The gallery where the renowned artist was first inspired has opened a David Hockney Gallery in honour of him turning 80
A new permanent display of Hockney’s work will be on show at the Cartwright Hall Art Gallery containing works spanning his career and unseen photos from his personal albums.
The exhibition showcases an unrivalled collection of his early work and provide an introduction to his life and art with a particular focus on Yorkshire and Bradford.
The city of Bradford went all out to for Hockney’s birthday with thousands attending on the opening weekend for a huge party.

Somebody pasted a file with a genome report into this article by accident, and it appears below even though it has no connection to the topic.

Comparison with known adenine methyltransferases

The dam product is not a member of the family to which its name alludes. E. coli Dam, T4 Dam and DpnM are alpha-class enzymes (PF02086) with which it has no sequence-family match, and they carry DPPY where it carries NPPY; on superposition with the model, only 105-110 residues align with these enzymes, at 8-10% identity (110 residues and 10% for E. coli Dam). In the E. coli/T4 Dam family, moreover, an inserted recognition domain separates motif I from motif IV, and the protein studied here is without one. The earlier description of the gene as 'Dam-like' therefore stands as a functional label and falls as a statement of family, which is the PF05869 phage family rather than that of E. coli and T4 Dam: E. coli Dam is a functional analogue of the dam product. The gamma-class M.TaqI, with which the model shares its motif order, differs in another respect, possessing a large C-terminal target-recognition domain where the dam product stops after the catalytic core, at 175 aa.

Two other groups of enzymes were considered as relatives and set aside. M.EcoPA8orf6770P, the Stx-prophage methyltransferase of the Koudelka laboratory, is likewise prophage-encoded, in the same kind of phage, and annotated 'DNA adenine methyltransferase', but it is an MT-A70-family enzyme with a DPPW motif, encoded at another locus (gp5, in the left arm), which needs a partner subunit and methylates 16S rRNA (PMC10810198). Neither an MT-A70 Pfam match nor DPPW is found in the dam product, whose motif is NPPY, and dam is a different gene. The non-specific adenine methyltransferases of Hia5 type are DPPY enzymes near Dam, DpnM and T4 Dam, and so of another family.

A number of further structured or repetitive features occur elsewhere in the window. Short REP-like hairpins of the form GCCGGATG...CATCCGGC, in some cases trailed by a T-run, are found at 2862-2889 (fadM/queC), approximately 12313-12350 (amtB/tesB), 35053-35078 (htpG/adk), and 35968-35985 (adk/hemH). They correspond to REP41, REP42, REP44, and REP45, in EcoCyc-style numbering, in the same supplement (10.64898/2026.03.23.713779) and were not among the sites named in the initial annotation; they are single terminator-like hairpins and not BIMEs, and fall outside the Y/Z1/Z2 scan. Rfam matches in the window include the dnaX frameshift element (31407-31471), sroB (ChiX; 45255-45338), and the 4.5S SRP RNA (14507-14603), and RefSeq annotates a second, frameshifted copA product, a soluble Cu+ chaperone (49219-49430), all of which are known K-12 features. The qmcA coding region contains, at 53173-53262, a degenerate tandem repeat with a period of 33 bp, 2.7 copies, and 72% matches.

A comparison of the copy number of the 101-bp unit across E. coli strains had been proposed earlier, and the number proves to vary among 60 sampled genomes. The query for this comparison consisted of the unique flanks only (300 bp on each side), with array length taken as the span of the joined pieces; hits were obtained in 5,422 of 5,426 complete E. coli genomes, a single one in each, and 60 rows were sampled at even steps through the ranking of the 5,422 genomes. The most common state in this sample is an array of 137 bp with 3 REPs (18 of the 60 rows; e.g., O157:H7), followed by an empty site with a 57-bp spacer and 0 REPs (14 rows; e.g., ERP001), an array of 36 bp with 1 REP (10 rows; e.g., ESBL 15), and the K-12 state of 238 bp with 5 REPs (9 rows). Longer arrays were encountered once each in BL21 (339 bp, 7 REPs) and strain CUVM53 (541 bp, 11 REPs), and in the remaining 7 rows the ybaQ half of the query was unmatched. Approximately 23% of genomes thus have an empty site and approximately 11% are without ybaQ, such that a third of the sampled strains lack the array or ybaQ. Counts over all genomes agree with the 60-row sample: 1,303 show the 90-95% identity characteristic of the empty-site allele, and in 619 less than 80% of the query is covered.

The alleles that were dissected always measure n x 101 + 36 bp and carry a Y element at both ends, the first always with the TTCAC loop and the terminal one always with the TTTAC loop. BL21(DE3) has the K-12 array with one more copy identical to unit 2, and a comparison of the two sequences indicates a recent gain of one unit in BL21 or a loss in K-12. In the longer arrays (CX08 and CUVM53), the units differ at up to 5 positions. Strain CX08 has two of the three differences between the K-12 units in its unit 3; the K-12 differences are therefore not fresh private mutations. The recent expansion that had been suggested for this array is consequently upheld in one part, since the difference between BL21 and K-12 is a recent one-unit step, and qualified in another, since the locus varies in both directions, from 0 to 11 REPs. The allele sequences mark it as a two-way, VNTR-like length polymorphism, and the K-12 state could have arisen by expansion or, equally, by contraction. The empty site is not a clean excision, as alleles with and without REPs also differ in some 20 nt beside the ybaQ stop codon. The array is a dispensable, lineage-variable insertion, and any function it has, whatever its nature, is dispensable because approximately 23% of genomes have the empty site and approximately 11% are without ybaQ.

Although he didn’t make it to his hometown as he now lives in Los Angeles, Bradford did plenty to celebrate in his absence.
Over the weekend a huge portrait of Hockney was unveiled made out of coloured nails.
Artist Marcus Levine created the piece that stands 16ft high out of 250,000 nails hammered into a base of lacquered marine plywood and fixed onto the wall.
Hockney is widely regarded as Britain’s greatest living painter and his exhibitions have drawn record-breaking crowds to the Tate and the Royal Academy in recent years.
Born in Bradford in 1937, he learned his craft pushing a pram containing art materials around the city while he painted on the streets.
He has previously spoken of his joy of visiting the Cartwright Hall as a kid in the 1940s and 50s which makes the gallery even more touching as Hockney claimed it was the only place in Bradford to see ‘real paintings’.